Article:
Battle of Tardenois

The 8th West Yorkshires Roving back from the Front Line after they had captured the Montaigne de Bligny, 29 July…

The 10th East Yorkshire Regiment

marching to the trenches; near Doullens, 28th June 1916

Men of the 8th Battalion

East Yorkshire Regiment going up to the line near Frezenberg during the Third Battle of Ypres, 1917

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The Kingston upon Hull Memorial remembers the 7,500 men from Hull, who died in the First World War.

This 'digital' memorial lists all the Hull men who died in the First World War and where they lived in the City. It has taken 30 years to research and is the definitive database of Hull casualties in World War One. You can search the memorial by name, rank, regiment, age, date of death, place of burial, and home address. All names are linked to a 'Street Memorial', and a satellite map which shows the street where they lived. Every day the site will show the names of the Hull men, who died in the First World War, on this day.

It remembers over 7,000 Hull men that died in the War, who were born in Hull, lived in Hull and were buried in the City. It also includes details of another 2,000 men who died from nearby towns and villages that enlisted in Hull, or were associated with the City. It records the names of oversea sailors, lost on Hull ships, so that their sacrifice is remembered too. There is also a full list of all Hull's civilian casualties, killed in Zeppelin air raids, during the First World War.

The Hull Memorial is inter active. You can search for Hull relatives lost in the 'Great War', or find out who died from your Street in Hull. Discover Hull in the First World War, or learn more about the Great War itself. Also, add your own family stories and photographs, to make the Hull Memorial comprehensive, interesting  and up to date. The Hull Memorial is 'on line', accessible and free to use. It belongs to the people of Hull.

Hull in the First World War

During 1914 -18, Hull citizens joined up in large numbers. Over 75,000 people served, and some 30% were to become casualties. Hull raised four 'Pal' Battalions for the East Yorkshire Regiment, which was more than many other larger Cities. It formed an additional 5th 'Cyclist' Battalion, and a Railway 'Pals' Battalion, known as the 17th Northumberland Fusiliers. Hull created other voluntary reserve Units, which the City paid for and equipped itself. It was one of the first to develop an Anti Aircraft unit and had its own Army Service Corp.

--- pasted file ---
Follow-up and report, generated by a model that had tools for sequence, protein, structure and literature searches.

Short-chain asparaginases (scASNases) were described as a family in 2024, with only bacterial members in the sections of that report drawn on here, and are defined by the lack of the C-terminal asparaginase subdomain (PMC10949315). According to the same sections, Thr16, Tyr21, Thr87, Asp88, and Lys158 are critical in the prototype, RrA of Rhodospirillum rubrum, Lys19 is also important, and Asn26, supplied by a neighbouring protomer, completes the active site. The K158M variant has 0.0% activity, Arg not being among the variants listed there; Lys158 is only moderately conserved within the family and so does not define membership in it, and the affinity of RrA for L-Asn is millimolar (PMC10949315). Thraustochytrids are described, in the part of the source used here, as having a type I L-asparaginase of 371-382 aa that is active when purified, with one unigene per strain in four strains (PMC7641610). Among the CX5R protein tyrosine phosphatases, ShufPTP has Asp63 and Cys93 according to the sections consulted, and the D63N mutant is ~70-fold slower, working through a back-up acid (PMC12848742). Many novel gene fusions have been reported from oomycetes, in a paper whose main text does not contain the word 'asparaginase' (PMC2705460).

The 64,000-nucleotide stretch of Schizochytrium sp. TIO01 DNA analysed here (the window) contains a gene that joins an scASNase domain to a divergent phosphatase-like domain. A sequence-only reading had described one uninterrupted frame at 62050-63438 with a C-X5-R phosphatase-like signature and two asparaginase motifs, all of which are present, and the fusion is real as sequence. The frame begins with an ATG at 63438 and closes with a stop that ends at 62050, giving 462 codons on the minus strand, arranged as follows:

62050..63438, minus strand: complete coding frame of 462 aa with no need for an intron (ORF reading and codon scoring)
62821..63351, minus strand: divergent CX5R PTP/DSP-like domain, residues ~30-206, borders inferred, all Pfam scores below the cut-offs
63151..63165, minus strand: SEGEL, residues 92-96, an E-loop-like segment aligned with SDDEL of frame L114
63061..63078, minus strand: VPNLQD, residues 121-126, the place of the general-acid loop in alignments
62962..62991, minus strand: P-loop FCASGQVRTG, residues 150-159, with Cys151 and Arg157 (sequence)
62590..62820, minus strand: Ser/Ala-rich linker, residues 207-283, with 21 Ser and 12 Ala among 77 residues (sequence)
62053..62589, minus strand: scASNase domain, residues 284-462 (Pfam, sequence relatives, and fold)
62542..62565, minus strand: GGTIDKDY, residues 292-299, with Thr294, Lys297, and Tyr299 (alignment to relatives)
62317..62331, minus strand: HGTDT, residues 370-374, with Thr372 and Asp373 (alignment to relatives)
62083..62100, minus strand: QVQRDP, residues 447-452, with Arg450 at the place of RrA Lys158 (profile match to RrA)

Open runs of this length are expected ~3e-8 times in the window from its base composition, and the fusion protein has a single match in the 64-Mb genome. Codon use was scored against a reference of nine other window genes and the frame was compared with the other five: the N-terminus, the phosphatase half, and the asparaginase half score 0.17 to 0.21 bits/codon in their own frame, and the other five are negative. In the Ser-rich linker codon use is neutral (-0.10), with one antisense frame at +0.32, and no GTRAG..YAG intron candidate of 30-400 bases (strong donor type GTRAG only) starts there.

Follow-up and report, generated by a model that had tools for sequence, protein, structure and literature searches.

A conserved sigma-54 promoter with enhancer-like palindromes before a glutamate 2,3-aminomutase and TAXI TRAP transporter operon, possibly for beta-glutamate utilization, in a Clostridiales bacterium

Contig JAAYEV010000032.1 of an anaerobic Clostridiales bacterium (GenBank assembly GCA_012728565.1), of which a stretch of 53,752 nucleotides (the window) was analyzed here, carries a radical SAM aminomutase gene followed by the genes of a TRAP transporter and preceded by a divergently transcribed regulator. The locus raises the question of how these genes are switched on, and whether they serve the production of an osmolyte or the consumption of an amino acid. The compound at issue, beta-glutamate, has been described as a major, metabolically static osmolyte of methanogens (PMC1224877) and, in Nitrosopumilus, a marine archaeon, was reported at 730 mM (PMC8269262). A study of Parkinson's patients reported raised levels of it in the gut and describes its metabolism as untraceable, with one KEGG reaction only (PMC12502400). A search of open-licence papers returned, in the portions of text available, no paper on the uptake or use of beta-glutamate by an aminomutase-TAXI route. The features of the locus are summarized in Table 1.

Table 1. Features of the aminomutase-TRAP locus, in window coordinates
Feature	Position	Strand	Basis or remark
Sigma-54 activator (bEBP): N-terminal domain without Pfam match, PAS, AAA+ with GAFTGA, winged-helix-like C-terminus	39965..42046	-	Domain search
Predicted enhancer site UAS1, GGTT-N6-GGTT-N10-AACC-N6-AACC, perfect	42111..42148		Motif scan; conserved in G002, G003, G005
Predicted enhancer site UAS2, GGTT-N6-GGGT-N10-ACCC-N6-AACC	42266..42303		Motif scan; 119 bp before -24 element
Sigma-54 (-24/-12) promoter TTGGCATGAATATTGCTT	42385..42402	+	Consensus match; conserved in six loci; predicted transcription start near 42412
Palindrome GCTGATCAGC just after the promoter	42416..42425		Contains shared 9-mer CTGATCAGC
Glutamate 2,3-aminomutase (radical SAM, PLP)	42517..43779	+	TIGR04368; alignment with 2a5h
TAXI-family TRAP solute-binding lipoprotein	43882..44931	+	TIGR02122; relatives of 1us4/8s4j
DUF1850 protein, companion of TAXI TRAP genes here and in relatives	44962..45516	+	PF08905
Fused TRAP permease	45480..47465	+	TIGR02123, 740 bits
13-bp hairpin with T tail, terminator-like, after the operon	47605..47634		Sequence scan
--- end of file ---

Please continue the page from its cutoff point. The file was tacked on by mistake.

Hull supplied Britain with modern trawlers and skillful mariners to safeguard the seas. The City at a time of severe shortages built a remarkable 40 ships during the war, and supplied the nation with vital food and raw materials. Hull lost nearly 130 ships and over 1,200 sailors during the First World War.

Hull created a unique force of 3,000 'Special Constables', to guard the City and its ports. Hull was known as the 'Home to Blighty', receiving some 80,000 repatriated Prisoners of War through its ports. Hull established medical units and new hospitals, and had one of Britain's most successful Recruiting Offices, at Hull City Hall. Hull formed a Special Garrison of Artillery, made up of local Policemen, to specifically guard the Humber Estuary. The City suffered eight bombing raids by enemy Zeppelins and was home to the British Spy, Max Schultz.

As the war ended, Hull established a unique charity, known as the 'Great War Civic Trust'. This helped Hull's 20,000 wounded and their dependents for the next 65 years. Hull adapted its industries and workforce to help win the war. Hull women proved indispensable in maintaining home life, in the face of great hardship and tragedy.

Hull has a unique story to tell during the First World War. It is time to remember Hull's history, 100 years on from the start of World War One, and as Hull becomes the City of Culture in 2017.

This website is constantly under development.

27th September 2020

On this day we remember…

1914 Charles Grommett
1914 Randal Kirk
1914 Richard Erle Benson
1915 George Eliassen
1915 Sydney Watson
1915 Walter Townend
1915 John Henry Thorne
1915 Harold Taylor
1915 George Coggan
1916 Richard Johnson Creaser
1916 Harry (Ben) England
1916 Frederick William Gillyon
1916 William Cecil Jubb
1916 Ernest May
1916 Edward Newton
1916 Alfred Robinson
1916 Thomas Christian Trafford
1917 Walter Daddy
1917 Nathan Ellis
1917 William Foster
1917 John Hills
1917 George Edgar Knowles
1917 Frederick Newton
1917 Charles Henry Pickering
1917 Robert A. Plimpton Mc & Bar
1917 Bernard Townley
1917 William Skinner
1917 Thomas Henry Bee
1917 William Henry Ball
1917 Joseph Banks
1918 George Henry Dixon
1918 Walter Dowell
1918 Stephen Griffin
1918 Alfred Gordon Holmes
1918 Arthur Jackson Keller
1918 Harry Lawson
1918 John Longthorn
1918 Edward Murphy
1918 George Parker
1918 Harold (Harry) Raspin
1918 Thomas Greenwoo Robinson
1918 Harold Scaife
1918 Herbert William Young
1918 J. Ward
1918 Arthur Taylor
1918 William M. Smith
1918 John Sleight
1918 Charles Walter Self
1918 Harold Scaife
1918 John Cowham
1918 William Henry Cook
1918 James Henry Cockill
1918 John William Clarke
1918 Henry Button
1918 George Reginald Boyes
1918 Albert Bird Mm
1918 Albert Baxter
1918 Lawrence Wallace
1919 Joseph Mitchell

British Troops taken prisoner


British Soldiers amputations


Soldiers who lied about their age